Many people don’t realize just how much it affects their lives.
As our heads hit the pillow at night, we yawn and reach for our—Smartphones. Tablets. Laptops—any device with a glowing screen. Most of us do it, and our students are definitely doing it without a second thought. Yet the glow of this light affects us long after we’ve put our devices away and fallen asleep.
Research has shown that the effect of nighttime exposure to blue light is the same as the feeling of jet lag after flying from Toronto to Bangkok. It can alter our internal clock by as many as six time zones, and it only takes 12 minutes of e-reader exposure at night to bring it on. At Harvard, researchers have warned that blue light exposure will alter sleep schedules by up to three hours.
Students might as well take a red eye flight to Thailand before class.
With the late-night cramming and socializing that can often accompany postsecondary study, students don’t need another force in their lives causing sleep deprivation. A 2014 study discovered that more than 90% of US high school students are chronically sleep deprived. A University of Saskatchewan survey also found that a quarter of students reported sleep difficulties that affected their academic performance, and 93% reported feeling tired at least one day a week.
For many institutions, much of the focus on student success has been placed on addressing mental health issues, campus safety, and drug and alcohol abuse. Still, sleep deprivation may also be having significant effects on PSE retention rates and GPAs, and adding to our already strained student health resources.
When we asked our StudentVu panel members about their device habits, we found that out of 1,884 respondents, 91% said they checked their phones within an hour of falling asleep. This means that at minimum, nine out of ten fell somewhere within the timeframe for having their sleep disrupted.
And that’s not to mention how tempted students might be to use a nearby device when they’re already having a tough time falling asleep. Our survey also showed that four out of five StudentVu panelists slept with their phones either on their beds (20%) or beside their beds (60%).
For some panelists, just being near their phones was enough to keep them awake. As one panelist put it:
“Being on my phone before falling asleep makes me stay up later. It distracts you by playing one more game or to finish scrolling through my news feed or watch another related video etc. I'm even filling out this survey in my bed before I go to sleep.”
Others were aware of the specific effects of blue light, but had taken steps to get around it:
“I try to avoid screens for at least half an hour before bed and have installed applications that reduce the blue light that is emitted from the screen to mitigate its disruptive effects on sleep.”
“I wear blue-blocking glasses. So that mitigates at least some of the negative effects of electronic use on my sleep.”
“I also take melatonin to offset the effects of blue light screens.”
There was a significant group of panelists, though, whose opinions went against the current research on blue light and sleep deprivation. They either thought devices had no impact on their sleep, or saw their devices as important tools to help them fall asleep:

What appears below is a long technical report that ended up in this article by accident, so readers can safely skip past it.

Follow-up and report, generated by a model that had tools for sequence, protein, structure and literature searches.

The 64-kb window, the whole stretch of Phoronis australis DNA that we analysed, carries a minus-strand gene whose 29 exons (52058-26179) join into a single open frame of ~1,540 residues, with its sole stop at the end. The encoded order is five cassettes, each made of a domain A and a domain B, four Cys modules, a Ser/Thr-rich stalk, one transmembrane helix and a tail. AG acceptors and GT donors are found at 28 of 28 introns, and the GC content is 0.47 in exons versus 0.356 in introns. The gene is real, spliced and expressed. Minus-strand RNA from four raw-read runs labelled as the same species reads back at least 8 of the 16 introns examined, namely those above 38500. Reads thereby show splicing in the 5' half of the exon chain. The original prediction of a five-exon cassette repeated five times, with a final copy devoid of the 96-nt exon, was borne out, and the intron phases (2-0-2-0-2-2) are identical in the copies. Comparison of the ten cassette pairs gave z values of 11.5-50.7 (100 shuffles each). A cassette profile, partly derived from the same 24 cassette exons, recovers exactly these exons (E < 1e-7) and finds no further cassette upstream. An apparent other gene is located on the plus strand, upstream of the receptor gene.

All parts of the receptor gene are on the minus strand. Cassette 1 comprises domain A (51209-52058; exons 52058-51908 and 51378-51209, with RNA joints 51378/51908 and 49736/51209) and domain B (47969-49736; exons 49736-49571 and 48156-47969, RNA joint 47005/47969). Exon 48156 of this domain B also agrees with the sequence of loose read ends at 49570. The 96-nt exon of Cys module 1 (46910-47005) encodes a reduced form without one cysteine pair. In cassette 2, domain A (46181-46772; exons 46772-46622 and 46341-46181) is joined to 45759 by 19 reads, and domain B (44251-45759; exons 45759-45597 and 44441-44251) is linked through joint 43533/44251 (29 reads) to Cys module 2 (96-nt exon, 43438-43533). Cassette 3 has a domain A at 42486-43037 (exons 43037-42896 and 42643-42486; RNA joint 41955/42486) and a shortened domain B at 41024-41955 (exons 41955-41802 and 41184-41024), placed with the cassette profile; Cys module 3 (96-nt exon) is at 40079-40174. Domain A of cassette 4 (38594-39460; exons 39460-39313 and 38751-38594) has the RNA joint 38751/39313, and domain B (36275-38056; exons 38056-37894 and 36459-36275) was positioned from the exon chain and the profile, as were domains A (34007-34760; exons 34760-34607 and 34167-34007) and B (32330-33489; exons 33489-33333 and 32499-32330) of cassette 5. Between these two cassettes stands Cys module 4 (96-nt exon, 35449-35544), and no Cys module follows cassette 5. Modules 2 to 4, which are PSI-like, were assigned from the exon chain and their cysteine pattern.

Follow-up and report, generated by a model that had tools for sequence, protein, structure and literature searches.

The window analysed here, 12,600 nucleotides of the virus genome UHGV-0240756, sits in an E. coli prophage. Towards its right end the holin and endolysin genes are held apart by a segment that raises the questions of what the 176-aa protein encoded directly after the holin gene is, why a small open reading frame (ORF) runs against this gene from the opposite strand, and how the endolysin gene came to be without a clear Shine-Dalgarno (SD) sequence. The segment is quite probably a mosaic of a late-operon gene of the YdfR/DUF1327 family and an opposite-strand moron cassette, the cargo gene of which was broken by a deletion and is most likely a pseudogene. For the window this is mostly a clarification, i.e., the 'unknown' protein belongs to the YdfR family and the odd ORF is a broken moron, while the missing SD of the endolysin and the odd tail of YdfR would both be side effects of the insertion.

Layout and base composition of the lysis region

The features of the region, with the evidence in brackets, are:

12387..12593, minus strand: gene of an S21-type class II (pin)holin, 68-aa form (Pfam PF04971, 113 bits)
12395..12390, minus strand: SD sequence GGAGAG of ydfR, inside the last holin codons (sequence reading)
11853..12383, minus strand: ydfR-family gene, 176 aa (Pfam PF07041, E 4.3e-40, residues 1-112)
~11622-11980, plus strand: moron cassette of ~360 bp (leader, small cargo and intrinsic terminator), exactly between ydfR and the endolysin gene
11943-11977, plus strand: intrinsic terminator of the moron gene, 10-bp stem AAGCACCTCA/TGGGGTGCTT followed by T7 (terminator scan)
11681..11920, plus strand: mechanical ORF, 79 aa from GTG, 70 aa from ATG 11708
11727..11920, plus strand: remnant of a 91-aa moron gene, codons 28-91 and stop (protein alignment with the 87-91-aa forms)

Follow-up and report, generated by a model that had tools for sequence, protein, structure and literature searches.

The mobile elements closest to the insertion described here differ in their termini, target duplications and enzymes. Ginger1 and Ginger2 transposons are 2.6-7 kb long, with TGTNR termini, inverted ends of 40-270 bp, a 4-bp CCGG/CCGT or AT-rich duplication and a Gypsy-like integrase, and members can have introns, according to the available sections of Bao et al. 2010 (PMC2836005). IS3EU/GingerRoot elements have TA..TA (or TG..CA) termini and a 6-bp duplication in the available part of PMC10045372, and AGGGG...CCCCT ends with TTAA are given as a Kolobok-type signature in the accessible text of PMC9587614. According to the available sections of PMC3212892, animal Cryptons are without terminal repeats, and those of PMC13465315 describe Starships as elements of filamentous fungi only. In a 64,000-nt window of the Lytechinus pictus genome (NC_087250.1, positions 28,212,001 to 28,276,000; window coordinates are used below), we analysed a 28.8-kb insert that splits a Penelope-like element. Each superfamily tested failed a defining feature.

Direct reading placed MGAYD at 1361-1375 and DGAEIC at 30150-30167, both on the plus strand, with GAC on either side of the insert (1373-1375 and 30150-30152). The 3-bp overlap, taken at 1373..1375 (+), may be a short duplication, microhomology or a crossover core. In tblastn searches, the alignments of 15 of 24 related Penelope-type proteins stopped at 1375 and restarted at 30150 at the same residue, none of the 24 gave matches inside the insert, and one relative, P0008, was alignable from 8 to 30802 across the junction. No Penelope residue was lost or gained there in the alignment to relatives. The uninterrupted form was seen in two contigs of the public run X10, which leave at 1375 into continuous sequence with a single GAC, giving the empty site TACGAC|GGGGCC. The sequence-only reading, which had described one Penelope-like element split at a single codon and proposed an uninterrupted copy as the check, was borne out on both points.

“I do not believe the use of technology before bed negatively affects sleep quality.”
“As someone with anxiety, I watch relaxing YouTube videos before bed that put my mind and body to sleep. It very positively affects my sleep.”
Institutions have picked up on the importance of helping students get a good night’s sleep. The University of British Columbia, for example, has developed a sleep resource on its student health website. At the University of California, students get “nap kits” that include ear plugs, eye masks, and sleeping tips. Duke University has cancelled all 8 a.m. classes to help promote getting more sleep. Some universities hand out “nap maps” outlining the best places on campus to take a snooze. Some PSE institutions have banned napping in the library and have educated staff to wake sleeping students up, suggesting they go home or back to their dorms.
The University of Delaware even offers an entire class on napping.
Sleep deprivation can be as serious as a drug or alcohol addiction. Lead investigators on one PSE sleep study, Roxanne Prichard and Monica Hartmann, argue that if PSE institutions teach students about the value of sleep, it will “have a major economic benefit through increased retention.” However, there has yet to be a PSE awareness campaign directed at the effects of nighttime device use and its effects on sleep.
The early symptoms of sleep deprivation begin with anxiety, depression and anger, but soon give way to hallucinations. Body temperature and glucose levels drop and the immune system fails. Students who get enough sleep are less prone to colds, and 80 to 90% of people with depression and anxiety have underlying sleep problems. There has never been a scientifically confirmed death caused by sleep deprivation, but in 2013, experts quickly identified lack of sleep as a contributing factor to the widely reported death of Moritz Erhardt, a Bank of America intern who died after pulling three “all-nighters” in a row for his job.
So, as modern PSE Student Services grapple with the mental health issues of their students, many have begun identifying sleep issues as a major contributor to overall health. As sleep awareness campaigns begin to spread across Canadian PSE institutions, it is important that these institutions make students aware of the role that late-night device use might play in a world where it is already hard enough for students to get a good night’s sleep.